ARTICLE WILLIAM DEFEBAUGH
PHOTOGRAPHY TINA LIU
THE PRESSURE IS ON FOR THESE LONDON DARLINGS AS THEY RETURN TO NEW YORK WITH A SOLD OUT SHOW AT IRVING PLAZA AND A CULT FOLLOWING THAT IS ONLY GROWING STRONGER—AND LOUDER—BY THE DAY
“I’M AFRAID OF YOU NOT LOVING ME HANNAH!” screams an avid fan amongst the packed crowd at Irving Plaza.
The voice in question is just one of thousands that has fallen in love with Hannah Reid, the bewitching young lead singer of Britain’s latest trip-hop export, London Grammar. Watching her perform—a towering blonde presence with ghostly pale skin and an undeniably ethereal and enigmatic air about her—it isn’t difficult to understand why.
Flanked by band-mates Dan Rothman and Dominic ‘Dot’ Major, Reid steps out onto stage and dives right into one of the group’s most popular tracks, “Hey Now.” The trio is impeccably calm for having almost missed their own show. Their tour bus, containing all of their equipment, broke down the day before—causing them to almost miss their performance on Late Night with David Letterman (cutoff time was 2:30pm—they showed up at 2:28pm). Luckily, they were able to drive back and get their own equipment in time for Tuesday’s show.
Talking to them, one would think they were seasoned vets. “At this point, I we have learned to play under any circumstance—missing equipment, dental surgery, you name it. It’s all about performing under pressure. We definitely have a guardian Angel looking out for us, though,” says Reid.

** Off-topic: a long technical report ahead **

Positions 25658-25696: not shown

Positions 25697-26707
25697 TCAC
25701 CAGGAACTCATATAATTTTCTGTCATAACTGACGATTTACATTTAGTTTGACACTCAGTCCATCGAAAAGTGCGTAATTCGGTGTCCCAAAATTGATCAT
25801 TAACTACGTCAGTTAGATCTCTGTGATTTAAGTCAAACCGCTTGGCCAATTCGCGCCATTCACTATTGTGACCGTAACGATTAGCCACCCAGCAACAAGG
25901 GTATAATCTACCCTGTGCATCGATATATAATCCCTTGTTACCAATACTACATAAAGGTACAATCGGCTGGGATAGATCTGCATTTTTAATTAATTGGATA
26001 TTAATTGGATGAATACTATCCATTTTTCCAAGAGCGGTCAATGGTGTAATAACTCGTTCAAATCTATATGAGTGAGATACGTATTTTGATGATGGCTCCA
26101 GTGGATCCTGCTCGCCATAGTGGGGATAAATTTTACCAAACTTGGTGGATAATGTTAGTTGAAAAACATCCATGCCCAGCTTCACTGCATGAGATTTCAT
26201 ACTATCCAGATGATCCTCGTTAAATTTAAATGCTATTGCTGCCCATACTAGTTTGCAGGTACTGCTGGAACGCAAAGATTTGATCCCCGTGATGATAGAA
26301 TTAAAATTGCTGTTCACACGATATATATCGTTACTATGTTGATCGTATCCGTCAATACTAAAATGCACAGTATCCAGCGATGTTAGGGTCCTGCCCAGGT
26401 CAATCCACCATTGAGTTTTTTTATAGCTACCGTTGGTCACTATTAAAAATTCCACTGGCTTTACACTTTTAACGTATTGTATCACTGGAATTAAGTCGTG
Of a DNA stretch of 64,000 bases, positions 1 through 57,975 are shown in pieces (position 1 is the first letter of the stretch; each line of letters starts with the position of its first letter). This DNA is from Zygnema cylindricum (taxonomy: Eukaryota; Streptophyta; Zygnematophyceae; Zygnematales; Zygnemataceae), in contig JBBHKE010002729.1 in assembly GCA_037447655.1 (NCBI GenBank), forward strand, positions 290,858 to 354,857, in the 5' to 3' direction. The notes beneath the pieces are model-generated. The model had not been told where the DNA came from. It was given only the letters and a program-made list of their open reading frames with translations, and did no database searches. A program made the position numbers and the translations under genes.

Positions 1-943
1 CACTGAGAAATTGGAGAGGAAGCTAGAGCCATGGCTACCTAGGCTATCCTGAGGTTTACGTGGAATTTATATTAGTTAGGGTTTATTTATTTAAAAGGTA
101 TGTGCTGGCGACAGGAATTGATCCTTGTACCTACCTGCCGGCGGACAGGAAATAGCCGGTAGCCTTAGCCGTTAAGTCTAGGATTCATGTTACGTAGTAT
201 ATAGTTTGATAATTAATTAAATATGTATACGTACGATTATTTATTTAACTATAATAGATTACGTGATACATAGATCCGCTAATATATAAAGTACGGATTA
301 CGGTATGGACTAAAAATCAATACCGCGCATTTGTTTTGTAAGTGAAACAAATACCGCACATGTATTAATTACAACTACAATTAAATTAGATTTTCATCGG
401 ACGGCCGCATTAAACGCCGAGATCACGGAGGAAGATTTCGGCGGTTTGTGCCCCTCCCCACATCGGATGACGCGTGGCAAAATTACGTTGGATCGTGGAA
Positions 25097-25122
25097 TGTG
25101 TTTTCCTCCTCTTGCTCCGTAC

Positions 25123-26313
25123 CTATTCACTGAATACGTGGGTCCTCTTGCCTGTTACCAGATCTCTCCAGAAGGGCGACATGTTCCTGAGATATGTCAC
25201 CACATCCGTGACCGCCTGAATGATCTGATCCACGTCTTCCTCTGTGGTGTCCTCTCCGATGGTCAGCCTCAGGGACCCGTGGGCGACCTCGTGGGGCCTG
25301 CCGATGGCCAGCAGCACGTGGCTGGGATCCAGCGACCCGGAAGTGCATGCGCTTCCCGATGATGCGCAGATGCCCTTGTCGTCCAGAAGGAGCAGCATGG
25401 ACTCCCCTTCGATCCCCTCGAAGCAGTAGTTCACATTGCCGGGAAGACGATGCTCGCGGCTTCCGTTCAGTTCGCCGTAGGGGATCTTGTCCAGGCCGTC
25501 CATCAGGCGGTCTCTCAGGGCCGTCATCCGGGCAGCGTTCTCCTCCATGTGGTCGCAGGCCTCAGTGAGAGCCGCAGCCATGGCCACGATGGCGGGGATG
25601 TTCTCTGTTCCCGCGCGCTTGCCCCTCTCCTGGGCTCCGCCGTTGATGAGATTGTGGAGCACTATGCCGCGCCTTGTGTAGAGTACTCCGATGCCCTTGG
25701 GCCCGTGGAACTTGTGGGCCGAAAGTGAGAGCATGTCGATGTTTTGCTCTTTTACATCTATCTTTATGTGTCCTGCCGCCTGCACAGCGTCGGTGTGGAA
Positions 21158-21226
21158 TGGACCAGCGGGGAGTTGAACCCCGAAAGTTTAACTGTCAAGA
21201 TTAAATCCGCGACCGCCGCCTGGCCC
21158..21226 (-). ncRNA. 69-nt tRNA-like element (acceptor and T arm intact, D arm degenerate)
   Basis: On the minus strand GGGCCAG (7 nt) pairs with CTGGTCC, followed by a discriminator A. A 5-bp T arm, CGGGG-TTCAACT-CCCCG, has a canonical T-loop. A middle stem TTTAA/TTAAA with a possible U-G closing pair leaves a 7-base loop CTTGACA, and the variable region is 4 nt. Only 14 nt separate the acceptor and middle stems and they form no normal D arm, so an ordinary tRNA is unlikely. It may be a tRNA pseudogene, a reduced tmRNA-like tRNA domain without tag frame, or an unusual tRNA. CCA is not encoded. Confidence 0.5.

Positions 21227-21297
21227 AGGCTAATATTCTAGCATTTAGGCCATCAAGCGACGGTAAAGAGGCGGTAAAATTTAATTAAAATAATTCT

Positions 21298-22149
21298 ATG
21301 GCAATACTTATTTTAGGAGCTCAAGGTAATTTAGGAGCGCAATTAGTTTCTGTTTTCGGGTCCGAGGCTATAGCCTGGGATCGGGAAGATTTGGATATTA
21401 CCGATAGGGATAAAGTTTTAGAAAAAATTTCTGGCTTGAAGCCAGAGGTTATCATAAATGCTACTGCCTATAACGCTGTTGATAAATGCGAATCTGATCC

That much is clear. The trio has taken their native U.K. by storm with a hauntingly unique sound that combines the moodiness and sparse instrumentals of the XX with crooning vocals similar to the likes of Florence Welch.
Their first full album, If You Wait, which just went platinum, reached number 2 on the U.K. album chart, thanks to a strong Internet following after the release of popular tracks such as “Wasting My Young Years” and “Metal & Dust.” The group’s success is also due in part to Reid lending her vocals on British DJ duo Disclosure’s “Help Me Lose My Mind,” last year—one of 2013’s most memorable tracks.
The trio saves their most powerful song for the last of the set: “Strong,” an arresting confession of insecurity and plea for understanding. Parts of the ballad can be taken as a reflection of the group’s current standing as yet another band that has blasted to fame in an alarmingly brief period of time, and the strange space they now find themselves at the center of: “Excuse me for a while, while I’m wide-eyed and I’m so damn caught in the middle.”
Apart from late night talk show appearances, sold out shows and chart-topping success, the band was recently received an endorsement from the British Prime Minister—a sign to many that they have definitely shed their indie roots.
Reid closes the show by rewarding a few stalwart members of the audience invitations backstage. One fan she chooses based on his disarming likeness to Harry Potter (she is currently reading the series on tour between shows). The other lucky recipient responds by screaming, jumping up and down, and promptly taking off his shirt for her. It’s unclear if this is the same lovelorn suitor who professed himself earlier, but most likely not.
With more touring, more TV spots, and more music to come, one thing is for certain: no one can accuse London Grammar of wasting a moment of their young years.
If You Wait is out now with Columbia Records.